Reflecting on a visit from Schools Consent Project
In our latest blog post, Teacher of English Mark Belassie-McCourt, discusses what happened when Schools Consen...Read More
At the weekend the classes of 1987, 1997 and 2007 returned to Bryanston for their reunion. Benjy Barkes (Sa ’07) reflects on his return to school and what it meant to him.
What an amazing, rewarding and fun day! Mostly we hadn’t seen each other for 10 years and for many it was their first time back in Dorset, let alone the school grounds. The last time we were together as a group we knew a huge amount about one another, at least we imagined that we did. We had spent most of the previous five years in each other’s company, whilst going through the same experience.
But talking to others at the reunion, it became clear that we hadn’t had the same experience. Five of the most formative years of your life spent anywhere, but particularly Bryanston, are a unique experience, and we all have our own memories of our time at school.
Besides some smart new additions, the school feels and looks largely the same. The worlds we lived in – for me, the four corridors of Salisbury House and a few small bedrooms that were my home for years of my life – also look the same.
Even as we were given a tour of the house, the group of recent strangers slotted back into their former school roles: the loud ones, the shy ones, the musicians, the rugby players. It was nostalgic and curious, bouncing from mature catch-up chat to long forgotten school-boy banter.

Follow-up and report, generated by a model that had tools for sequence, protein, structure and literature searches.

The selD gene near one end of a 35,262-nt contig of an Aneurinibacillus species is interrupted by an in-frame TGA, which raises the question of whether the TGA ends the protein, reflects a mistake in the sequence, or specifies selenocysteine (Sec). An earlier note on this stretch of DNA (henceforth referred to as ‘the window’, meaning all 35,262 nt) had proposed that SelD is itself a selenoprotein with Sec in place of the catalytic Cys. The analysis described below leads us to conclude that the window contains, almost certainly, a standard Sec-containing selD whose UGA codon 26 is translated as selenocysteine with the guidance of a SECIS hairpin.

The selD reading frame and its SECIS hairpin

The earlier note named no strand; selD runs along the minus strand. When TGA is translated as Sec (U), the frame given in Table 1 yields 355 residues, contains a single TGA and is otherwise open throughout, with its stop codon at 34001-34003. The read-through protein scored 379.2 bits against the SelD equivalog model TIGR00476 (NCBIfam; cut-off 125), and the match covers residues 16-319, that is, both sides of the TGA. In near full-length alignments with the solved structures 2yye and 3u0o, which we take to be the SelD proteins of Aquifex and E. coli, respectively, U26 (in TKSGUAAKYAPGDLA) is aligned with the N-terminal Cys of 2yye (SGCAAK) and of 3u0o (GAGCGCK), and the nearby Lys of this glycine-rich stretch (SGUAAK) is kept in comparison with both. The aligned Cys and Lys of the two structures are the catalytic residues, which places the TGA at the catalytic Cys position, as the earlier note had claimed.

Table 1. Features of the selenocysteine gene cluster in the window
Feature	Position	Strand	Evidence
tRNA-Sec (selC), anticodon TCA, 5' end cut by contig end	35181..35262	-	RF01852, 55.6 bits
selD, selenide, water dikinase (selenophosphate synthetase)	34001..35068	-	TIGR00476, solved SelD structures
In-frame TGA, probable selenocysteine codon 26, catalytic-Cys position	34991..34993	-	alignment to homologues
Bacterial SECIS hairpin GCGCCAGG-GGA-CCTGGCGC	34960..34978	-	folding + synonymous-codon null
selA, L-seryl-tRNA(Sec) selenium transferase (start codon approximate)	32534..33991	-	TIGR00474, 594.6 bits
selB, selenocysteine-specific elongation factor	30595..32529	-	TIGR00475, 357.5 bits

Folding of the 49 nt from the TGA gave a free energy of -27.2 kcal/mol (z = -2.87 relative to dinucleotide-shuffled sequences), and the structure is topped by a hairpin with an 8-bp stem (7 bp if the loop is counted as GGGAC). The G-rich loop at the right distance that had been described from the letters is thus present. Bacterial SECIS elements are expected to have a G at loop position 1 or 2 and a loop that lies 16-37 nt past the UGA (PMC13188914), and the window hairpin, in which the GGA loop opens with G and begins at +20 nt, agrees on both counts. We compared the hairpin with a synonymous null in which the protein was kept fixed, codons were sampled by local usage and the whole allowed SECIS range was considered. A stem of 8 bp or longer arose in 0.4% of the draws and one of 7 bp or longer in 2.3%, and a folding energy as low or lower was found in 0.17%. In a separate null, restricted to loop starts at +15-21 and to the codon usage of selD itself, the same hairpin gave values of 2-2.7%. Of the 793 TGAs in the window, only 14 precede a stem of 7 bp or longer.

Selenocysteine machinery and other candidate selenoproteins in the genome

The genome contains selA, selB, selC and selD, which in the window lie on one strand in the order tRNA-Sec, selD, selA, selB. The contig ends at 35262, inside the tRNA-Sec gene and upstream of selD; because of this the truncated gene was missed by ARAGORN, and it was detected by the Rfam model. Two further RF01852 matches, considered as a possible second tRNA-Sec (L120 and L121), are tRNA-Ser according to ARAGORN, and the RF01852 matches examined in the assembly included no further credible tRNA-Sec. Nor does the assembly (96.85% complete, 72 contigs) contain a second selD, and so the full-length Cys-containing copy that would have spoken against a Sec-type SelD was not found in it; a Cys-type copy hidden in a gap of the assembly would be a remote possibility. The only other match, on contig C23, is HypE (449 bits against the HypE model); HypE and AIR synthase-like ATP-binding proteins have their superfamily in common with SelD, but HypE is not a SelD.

I guess that we are still the same people that left Bryanston a decade ago, we certainly look similar! But we are all, without a doubt, so much better for those 10 years. The shy 18-year-olds are now young professionals. Some of those that played in bands at school are now musicians playing to crowds across the country, some of the rugby players are now professionals, hard workers are now accountants and bankers, some are married with children; there are soldiers, artists, naval officers, actors and composers.
Every person, in every way, seemed a better version of themselves. A more confident, happier and developed version of the person that emerged from Bryanston all those years ago. I imagine that this, as an observation, would probably be consistent with other schools. However, with Bryanston there’s one clear difference: the diversity.
I cannot envisage that any other school produces such a happy mixture of people, who not only relish seeing each other, but also cherish their differences and are thankful for the school that offered the chance for everyone to find their niche. There truly is no Bryanston stereotype.
By and large, everyone at the reunion expressed the fondest memories of their time at school and loved the opportunity to spend the day together. It’s a curious virtue of our newly discovered confidence and maturity, that most of us had longer conversations with people in our year at the reunion than we ever had in our five years of shared classes. A missed opportunity, but such is life. Bring on the 20-year reunion!